For thousands of years on this island, trees were known as guardians of a knowledge of how to be in right relation with the Earth. They were our non-human ancestors and teachers. They still are, even though we live in an industrialised, separated world that thwarts that relationship. Gathering in a certain spirit, among trees, speaking for them, in praisesong and lament, remembers us as different kinds of human beings: those who have always ‘carried the fire’, the seed of life within us.

The seeds of hope, imagination and grit were planted in me. These seeds were needed to bring big dreams to life. We helped them to grow into action on a poignant journey that I will cherish forever. Alone this journey would have been impossible but together we did so much. I see the bigger picture now, of how we are related to the forest, at one with nature because we too are part of the ecosystem

Melissa Smith

I feel like each and every one of us grew, like a plant. We all nurtured and fed each other in different ways. We held each other up. The places we went to, the voices we heard, the songs we shared, became a part of me. The energy from everyone was warm like a fire, but also carried a fiery sense of determination.

We will not stop. We will not lose hope, our drive, our passions. We will use our voices, our skills, our minds, and stand tall and courageous. We will plant seeds of courage and hope wherever we go and pass on our knowledge. We will inspire and we will overcome.

Sabz Qazi

Perhaps the seed was always in me!? We all have our own strengths, our own abilities, our own views. But often in life these seeds of ours do not receive the right exposure, support, or direction.

 Sanaa Cheruvallil

The Walking Forest project was a council – a collective display of grief, a space to share that emotion openly, knowing that my comrades shared those emotions too.
They knew – they got it – they understood. I am not alone – I will forever be part of the Walking Forest Collective.

 Martina Irwin

The legacy of the suffragettes lives on with us; we are the modern suffragettes, lovingly nurturing the connections just like all existing networks that surround us.

Sherrie Edgar

That winter’s day two black pine seedlings were planted from the project’s suffragette mother tree within a small sapling grove of yew and sweet chestnut. Where there is death, there is life, that is what you learn from the Earth. But only if you share the seeds and not hoard them. Only if you create the right circumstances, the warmth and connection that will make them germinate and flourish, an ecosystem made of attention, creativity, courage, heart. Writing is one way of sharing and passing on those welcome messages, in the way a mycelium does, communicating with the roots of all beings in the territory, underground,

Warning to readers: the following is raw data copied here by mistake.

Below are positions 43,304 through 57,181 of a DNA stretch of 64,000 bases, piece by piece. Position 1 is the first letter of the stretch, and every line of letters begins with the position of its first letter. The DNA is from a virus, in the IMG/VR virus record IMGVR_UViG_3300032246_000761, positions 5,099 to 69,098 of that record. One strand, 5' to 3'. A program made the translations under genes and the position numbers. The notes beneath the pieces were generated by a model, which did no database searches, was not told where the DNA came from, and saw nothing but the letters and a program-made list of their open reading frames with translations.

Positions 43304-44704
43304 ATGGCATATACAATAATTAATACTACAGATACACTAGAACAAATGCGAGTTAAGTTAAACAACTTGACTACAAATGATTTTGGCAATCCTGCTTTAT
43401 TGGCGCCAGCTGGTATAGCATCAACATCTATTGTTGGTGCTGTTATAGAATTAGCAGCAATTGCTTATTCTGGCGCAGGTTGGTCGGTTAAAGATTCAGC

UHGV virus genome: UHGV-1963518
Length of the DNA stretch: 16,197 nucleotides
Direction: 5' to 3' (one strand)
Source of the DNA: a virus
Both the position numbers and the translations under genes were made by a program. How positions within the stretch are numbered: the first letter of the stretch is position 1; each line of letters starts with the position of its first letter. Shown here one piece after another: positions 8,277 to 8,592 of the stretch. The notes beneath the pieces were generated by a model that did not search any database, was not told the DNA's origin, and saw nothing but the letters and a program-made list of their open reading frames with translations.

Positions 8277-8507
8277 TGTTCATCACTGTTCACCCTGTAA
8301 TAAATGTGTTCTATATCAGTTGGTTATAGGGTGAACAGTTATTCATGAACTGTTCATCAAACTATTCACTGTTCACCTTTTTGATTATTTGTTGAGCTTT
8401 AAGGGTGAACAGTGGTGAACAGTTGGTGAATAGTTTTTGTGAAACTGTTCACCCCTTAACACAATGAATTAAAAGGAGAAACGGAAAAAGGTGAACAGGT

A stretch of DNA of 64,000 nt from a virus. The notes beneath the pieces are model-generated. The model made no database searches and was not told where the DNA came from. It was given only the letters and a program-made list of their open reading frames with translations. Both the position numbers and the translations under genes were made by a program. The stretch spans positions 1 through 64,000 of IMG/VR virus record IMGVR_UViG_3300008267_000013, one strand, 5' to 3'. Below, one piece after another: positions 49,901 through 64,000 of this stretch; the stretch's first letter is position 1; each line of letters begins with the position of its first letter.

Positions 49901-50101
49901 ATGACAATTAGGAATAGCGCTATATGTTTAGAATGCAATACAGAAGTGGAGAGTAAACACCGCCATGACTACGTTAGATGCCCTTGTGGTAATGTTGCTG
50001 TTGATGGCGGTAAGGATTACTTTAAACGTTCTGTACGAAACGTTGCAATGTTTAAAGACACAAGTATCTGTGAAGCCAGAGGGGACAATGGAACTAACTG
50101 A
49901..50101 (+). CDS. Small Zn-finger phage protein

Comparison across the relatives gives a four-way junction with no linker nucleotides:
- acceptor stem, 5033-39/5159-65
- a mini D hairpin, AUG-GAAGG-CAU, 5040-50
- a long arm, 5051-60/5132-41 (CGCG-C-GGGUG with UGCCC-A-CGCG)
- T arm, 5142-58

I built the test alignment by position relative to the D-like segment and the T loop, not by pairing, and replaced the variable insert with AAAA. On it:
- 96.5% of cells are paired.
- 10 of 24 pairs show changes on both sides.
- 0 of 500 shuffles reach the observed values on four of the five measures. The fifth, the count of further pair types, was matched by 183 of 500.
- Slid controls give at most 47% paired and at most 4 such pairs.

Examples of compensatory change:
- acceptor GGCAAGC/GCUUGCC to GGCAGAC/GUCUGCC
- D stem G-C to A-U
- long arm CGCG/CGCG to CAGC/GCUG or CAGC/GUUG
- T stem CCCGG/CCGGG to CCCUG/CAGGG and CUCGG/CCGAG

unseen, nourishing and exchanging, forking and fusing, an ever expanding living network. Like a walking forest.

I have spent many years trying to connect with nature in a deep way – growing up in a city, raised by ancestors of many generations of city dwellers, this was not easy for me. Feeling that connection is really painful as it means that I now hear the suffering of the natural world and not just the people and animals in it. But I don’t regret that as it feeds my activism and spurs me on, and adds to the joy that I feel when I notice the beauty of the world and the incredible power and resilience of nature in all its forms.

Heather Parker

At the end of the workshop, I set a task and invited the women to write a short piece on ‘What has the Walking Forest seeded in me’. This is what they wrote about that time. These are the seeds that are borne by the wind to you on this spring day from a silver birch, cut down in her prime by a railway line.

Our felled birch a prism of hope and possibility,
A rainbow of colour in the hidden places of the city,
Green oases, connected like mycelium,
Newfound friendship in the faces of strangers.
Together we bore ourselves home.

Alice Khimasia

Charlotte Du Cann is a writer, editor and co-director of The Dark Mountain Project. She also teaches collaborative non-fiction, and radical kinship with the other-than-human world. She has been an associate of Walking Forest since 2018.

In 1991 she left her life as a London features and fashion journalist with a one-way ticket to Mexico. After travelling for a decade, she settled on the East Anglian coast to write a sequence of books about reconnecting with the Earth. The first of these 52 Flowers That Shook My World – A Radical Return to Earth was published in 2012 by Two Ravens Press. Her latest collection After Ithaca – Journeys in Deep Time was published in May 2022 by Greenbank Books, an imprint of Sumeru Books, in association with Dark Mountain Project. To order worldwide, please visit the Dark Mountain online shop.